CHICAGO -- Traditionalists who bemoan baseball's newest concoction shouldn't have bothered picketing yesterday's meeting of owners here. They've already caught playoff fever, later than lodge brothers from other sports but still in time to enliven the somewhat stagnant national game.
Baseball merely is keeping up with the Jordans, and if there's any doubt, try getting a seat for the Bulls against Cleveland. Baseball can only hope its expanded postseason will mean the kind of rabid interest created by leagues where finishing first is nice but not necessary to qualify for equal-opportunity playoffs.
Experience suggests strongly that a hungry public will bite. The more America's fans claim to know about sports, the less finicky they are about what they watch. This is neither a knock nor a felony. Baseball nuts in Colorado and Miami are too busy buying tickets to worry about the possibility that major-league pitching might be worse than at any moment in history. Dilution of talent works when everybody works at it.
Thirty years ago, baseball was king of the hill. Also, in 1963, rivals hadn't quite figured out how to stretch the leisure dollar.
The Chicago Bears' championship victory over New York, their only playoff game, was on Dec. 29. Super Bowl XXVIII in Atlanta will be Jan. 30.
By clinging to its purest of all playoff format, baseball has been noble yet naive about current events. More television outlets need more programming for more sports junkies who need more fixes.
The 1927 Yankees, perhaps the greatest team ever, attracted just a shade over 1.1 million in paid attendance. A franchise draws that today and it does a breaststroke in red ink.
The idea now is to flood the zone with games, games and more games. The supply simply wouldn't be there if the demand didn't exist.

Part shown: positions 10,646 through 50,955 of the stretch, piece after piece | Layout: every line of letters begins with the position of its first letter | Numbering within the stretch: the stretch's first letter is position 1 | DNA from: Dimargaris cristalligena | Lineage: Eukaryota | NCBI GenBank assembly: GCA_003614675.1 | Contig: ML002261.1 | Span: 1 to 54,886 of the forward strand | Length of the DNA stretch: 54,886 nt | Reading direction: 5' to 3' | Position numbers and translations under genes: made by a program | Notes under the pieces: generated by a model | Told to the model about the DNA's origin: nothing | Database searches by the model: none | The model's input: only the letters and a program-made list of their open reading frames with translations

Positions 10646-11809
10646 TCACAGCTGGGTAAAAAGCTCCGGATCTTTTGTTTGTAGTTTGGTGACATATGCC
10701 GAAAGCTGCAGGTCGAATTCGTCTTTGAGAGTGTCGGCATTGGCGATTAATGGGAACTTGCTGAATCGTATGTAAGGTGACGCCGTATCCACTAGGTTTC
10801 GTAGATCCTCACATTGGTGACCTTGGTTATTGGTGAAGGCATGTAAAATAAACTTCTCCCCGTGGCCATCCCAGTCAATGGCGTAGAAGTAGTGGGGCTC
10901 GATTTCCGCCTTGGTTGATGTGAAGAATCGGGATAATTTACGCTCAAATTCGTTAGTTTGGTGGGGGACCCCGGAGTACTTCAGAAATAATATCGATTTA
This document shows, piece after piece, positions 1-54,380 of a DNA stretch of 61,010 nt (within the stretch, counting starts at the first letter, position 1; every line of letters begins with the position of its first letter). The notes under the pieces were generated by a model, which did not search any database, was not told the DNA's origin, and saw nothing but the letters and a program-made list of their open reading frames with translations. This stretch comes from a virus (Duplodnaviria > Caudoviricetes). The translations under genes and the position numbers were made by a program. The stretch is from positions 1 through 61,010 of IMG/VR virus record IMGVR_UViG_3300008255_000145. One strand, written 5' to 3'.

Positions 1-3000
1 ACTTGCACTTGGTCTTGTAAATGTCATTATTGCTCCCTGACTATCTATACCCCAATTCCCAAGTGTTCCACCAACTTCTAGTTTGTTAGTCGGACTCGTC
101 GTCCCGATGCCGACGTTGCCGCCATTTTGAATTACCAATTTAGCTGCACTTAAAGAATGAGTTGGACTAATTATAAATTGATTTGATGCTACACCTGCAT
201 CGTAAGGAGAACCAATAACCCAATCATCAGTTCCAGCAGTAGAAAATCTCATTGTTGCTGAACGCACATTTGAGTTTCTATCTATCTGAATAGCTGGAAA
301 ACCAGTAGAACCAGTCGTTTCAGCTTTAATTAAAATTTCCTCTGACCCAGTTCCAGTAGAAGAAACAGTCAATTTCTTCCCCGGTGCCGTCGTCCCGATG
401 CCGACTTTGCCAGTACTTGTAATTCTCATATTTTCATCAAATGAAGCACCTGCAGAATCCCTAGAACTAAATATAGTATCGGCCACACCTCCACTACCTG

Criticize the system for diminishing the importance of the regular season and you've missed a point. The object for schlepping to the Bulls vs. Sacramento in mid-January is to be entertained.
Not every movie you see wins an Oscar. But everything significant in sports now comes framed by playoffs, which is why Chicagoans who have waited 10 months for decent weather will flock to a gymnasium on a splendid day in mid-June to witness the Bulls vs. Portland.
Sports leagues voted to eliminate off-seasons on the assumption we would all agree, and they couldn't have been more correct.
Baseball met here to discuss whether it should join the fun. vTC That's really no decision at all, especially since the owners and television have formed this unique partnership. How coincidental this sensitive time in management-labor posturing that the proposal involves those two magic words, revenue sharing.
This is precisely the concept owners have tried to sell the union, with little success. If the new plan doesn't send another message to the players, White Sox chairman Jerry Reinsdorf confirmed the obvious by terming it "a reality check" for the players.
With no upfront rights fees to devour, baseball will be challenged as never before to market the product. That should mean fewer owners blasting the players as overpaid, a theory disgusted fans have heard often enough to believe.
Also, should labor bless this new venture, perhaps some of the arrogant athletes will find time to restore diplomatic relations with an alienated public. The essence of the NBA's popularity, after all, is including customers in an atmosphere of one big happy family.
If this proposal flies, the down side is the elimination of all day games during the playoffs and World Series. But let's not beat up on ABC and NBC. There are 100 players earning $3 million or more annually. To generate those prime-time dollars from advertisers, baseball has to play during prime time. Baseball created this Frankenstein, not TV.